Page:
Surely you know where I purloined the rubric to this post?
The Prisoner is a 1967 British avant-garde social science fiction television series about an unnamed British intelligence agent who is abducted and imprisoned in a mysterious coastal village, where his captors try to find out why he abruptly resigned from his job. It was created by Patrick McGoohan and George Markstein, with McGoohan playing the lead role of Number Six. Episode plots have elements of science fiction, allegory, and psychological drama, as well as spy fiction. It was produced by Everyman Films for distribution by Lew Grade’s ITC Entertainment.
But it’s so apposite, in my opinion, to the workplace — even allowing for the gradual shift away from working full-time in an office (I don’t think it will last).
I know I’m speaking out of turn. I mean, I should be lucky that I’ve got a job and I’ve managed to find employment these past 40 years but I’d be lying if I didn’t admit to feeling the heat of… “I am not a number”.
Then again, apart from a brief sojourn in the wilderness of self-employment, I’ve not exactly broken the mould. Instead, I’ve dutifully watched my ‘Ps and Qs’ or at least not rocked the boat too much.
But think about it. We have a National Insurance number, a payroll number and probably a plethora of other identifiers. As to our real gifts and talents — even being good at what we do — when do they get recognised? And when I say recognised I don’t mean the gold watch or the 21st Century equivalent on doing 30+ years service. I mean we’re seen as more than a means of production.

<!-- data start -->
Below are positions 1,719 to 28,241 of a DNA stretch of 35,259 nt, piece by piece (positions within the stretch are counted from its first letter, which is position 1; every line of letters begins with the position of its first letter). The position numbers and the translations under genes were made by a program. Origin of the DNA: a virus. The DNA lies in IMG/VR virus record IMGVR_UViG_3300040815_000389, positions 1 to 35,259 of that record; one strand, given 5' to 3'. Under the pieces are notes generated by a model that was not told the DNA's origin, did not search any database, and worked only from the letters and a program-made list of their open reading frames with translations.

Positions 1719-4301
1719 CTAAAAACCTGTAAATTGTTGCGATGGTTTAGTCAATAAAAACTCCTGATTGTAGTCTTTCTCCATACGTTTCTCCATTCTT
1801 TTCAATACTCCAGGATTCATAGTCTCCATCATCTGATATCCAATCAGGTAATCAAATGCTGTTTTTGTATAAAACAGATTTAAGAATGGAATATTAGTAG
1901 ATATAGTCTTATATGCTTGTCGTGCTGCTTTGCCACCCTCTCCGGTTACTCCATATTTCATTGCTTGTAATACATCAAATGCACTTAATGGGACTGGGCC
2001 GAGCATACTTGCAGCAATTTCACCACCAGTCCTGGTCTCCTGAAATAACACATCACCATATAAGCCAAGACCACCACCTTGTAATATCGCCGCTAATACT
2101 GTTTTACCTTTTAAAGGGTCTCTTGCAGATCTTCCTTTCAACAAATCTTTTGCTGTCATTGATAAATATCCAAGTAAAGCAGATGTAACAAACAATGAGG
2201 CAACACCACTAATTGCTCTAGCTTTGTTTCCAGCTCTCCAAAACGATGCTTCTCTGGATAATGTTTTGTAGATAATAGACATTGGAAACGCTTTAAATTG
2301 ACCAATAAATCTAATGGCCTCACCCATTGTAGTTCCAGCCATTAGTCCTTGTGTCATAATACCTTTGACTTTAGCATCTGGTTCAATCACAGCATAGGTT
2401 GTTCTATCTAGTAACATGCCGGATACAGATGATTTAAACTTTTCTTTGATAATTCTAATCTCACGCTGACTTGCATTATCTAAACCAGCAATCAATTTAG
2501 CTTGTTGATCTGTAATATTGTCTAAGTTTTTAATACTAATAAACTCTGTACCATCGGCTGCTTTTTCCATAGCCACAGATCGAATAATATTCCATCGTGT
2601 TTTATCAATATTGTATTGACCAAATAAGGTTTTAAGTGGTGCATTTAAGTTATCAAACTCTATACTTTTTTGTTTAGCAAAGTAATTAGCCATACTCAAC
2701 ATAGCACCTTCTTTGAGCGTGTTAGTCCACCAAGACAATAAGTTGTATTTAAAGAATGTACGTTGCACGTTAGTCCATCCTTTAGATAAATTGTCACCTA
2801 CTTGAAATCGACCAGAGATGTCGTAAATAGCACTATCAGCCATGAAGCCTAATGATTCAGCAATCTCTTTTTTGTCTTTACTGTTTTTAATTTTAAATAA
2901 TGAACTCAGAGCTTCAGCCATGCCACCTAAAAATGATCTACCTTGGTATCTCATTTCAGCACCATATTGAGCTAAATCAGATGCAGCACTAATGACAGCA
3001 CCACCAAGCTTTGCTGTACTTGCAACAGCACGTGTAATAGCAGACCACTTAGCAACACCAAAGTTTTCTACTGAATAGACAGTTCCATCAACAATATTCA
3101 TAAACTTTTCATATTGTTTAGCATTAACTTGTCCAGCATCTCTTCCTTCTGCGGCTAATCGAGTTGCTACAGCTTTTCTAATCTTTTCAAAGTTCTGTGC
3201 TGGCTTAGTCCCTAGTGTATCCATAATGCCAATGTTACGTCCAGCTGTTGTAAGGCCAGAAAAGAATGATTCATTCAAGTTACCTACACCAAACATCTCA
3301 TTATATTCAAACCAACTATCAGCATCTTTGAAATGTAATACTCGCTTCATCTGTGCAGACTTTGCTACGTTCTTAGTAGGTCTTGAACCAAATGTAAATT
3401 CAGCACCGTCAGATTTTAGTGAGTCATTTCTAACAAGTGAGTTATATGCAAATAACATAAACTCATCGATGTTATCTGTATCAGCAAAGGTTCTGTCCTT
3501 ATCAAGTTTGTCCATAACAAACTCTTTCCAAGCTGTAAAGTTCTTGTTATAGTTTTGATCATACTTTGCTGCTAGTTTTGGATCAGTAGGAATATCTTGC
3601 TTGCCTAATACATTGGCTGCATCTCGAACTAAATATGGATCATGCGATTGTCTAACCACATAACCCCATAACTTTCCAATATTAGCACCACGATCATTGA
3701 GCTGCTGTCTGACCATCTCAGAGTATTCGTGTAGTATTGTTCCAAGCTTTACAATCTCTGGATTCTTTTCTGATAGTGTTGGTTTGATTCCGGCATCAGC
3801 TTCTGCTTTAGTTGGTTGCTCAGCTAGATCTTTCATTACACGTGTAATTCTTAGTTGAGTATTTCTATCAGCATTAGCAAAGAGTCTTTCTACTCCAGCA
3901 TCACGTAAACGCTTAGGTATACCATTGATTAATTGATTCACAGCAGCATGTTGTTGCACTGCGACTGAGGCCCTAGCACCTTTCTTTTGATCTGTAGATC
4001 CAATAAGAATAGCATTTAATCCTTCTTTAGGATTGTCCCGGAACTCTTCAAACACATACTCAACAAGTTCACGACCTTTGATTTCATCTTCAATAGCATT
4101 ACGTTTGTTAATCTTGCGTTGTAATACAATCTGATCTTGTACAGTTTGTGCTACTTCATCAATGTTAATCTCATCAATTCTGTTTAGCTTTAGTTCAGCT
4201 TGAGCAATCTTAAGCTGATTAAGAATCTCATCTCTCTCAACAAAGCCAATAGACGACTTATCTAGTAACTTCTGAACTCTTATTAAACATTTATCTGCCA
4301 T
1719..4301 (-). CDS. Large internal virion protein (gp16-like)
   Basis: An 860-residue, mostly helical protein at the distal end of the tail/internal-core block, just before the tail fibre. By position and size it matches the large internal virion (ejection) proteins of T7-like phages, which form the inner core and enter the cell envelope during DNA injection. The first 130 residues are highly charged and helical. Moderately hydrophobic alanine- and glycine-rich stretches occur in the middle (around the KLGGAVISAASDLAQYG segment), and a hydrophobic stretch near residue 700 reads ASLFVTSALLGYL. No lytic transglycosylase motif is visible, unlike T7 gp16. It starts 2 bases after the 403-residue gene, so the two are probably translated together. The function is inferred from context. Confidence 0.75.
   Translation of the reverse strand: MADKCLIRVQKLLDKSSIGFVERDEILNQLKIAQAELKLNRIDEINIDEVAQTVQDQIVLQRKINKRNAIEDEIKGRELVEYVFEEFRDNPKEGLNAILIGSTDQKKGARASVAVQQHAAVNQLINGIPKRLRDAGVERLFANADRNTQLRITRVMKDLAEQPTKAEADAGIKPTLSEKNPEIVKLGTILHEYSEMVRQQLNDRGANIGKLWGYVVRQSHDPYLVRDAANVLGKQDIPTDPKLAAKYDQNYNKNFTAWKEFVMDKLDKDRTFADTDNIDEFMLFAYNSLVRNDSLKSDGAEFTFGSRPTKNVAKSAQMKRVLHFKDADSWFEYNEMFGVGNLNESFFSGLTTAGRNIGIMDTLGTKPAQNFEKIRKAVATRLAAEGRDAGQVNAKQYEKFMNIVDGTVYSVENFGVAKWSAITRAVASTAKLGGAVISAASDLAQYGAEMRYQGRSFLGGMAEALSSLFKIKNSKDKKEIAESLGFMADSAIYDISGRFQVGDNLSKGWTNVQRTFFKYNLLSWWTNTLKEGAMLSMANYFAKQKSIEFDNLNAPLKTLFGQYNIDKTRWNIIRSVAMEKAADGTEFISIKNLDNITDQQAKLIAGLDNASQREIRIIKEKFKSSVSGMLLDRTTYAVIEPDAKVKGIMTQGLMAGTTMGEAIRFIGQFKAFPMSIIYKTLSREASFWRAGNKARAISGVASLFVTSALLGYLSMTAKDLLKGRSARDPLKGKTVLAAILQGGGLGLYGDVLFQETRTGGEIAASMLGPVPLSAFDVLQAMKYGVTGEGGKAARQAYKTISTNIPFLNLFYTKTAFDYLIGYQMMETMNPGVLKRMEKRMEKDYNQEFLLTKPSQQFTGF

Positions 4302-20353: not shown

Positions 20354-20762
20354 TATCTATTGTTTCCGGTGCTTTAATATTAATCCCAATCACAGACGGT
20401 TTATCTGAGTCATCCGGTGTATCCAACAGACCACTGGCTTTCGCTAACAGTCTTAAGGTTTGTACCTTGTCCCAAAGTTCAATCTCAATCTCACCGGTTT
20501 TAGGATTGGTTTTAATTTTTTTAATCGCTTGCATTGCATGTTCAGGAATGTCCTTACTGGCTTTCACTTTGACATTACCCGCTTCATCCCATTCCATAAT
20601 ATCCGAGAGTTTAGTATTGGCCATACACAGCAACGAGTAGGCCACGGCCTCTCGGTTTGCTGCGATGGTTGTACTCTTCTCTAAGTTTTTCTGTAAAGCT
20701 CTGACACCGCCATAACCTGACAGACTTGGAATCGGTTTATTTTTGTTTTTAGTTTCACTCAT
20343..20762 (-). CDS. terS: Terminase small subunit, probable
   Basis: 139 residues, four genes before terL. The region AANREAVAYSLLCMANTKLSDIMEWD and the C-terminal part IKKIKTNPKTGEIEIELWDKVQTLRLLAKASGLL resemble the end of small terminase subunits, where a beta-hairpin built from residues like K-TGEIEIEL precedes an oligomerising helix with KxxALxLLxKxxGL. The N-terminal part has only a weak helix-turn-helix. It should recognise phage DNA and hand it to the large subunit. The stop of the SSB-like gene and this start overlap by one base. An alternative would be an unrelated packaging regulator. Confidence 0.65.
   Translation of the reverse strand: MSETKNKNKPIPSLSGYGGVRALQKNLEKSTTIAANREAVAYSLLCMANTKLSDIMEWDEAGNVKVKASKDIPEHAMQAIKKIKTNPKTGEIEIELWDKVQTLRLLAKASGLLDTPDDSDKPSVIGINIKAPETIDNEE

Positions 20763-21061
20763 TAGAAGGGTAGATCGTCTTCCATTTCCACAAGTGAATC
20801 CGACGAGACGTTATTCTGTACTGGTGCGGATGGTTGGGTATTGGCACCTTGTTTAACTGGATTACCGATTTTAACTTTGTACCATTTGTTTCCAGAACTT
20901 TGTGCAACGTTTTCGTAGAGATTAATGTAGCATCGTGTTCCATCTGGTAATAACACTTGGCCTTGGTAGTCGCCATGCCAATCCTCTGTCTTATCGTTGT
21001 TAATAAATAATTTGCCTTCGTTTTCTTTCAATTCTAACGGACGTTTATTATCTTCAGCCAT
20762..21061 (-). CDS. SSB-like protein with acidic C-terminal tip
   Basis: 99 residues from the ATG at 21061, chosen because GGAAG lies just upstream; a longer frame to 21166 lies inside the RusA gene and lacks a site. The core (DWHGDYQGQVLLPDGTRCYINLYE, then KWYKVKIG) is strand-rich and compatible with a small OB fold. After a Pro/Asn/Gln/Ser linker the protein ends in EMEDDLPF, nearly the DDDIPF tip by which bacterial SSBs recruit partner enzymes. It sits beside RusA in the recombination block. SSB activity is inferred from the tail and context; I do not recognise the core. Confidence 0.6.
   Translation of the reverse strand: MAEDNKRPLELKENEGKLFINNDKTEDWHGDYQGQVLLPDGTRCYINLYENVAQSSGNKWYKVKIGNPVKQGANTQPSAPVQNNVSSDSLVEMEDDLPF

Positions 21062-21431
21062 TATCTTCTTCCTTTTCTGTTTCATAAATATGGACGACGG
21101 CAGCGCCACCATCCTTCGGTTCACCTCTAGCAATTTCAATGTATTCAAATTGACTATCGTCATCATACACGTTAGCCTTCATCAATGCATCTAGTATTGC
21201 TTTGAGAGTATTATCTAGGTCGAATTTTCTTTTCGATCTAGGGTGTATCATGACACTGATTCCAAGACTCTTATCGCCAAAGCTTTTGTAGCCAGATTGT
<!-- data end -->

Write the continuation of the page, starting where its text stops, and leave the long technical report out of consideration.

I do realise that my axe-swinging, ‘I’-am-a-human’ point is hardly new or even, dare I say, interesting. It is what it is, right! Then again, imagine or at least wonder what it would be like if we worked in a place that didn’t see us as a number and the only job of the Bosses, Managers and Leaders was to develop us all body, mind and soul. Yes, I know that sounds fanciful, particularly in our Capitalist, dog-eat-dog world but from my vantage point — and it ain’t at all lofty — I know that if only more time and attention was spent on the people, in a profound and meaningful way, then the world would be a very different place.
Even if this grand scheme of mine seems a bit out there, a bit wacky, I still wouldn’t mind opening up a conversation about why it is we still have this massive Playbook for controlling people, instead of treating them with dignity, respect and tenderness (I think love might be pushing it too far)?
Is that really too much to expect?
Much love, Ju.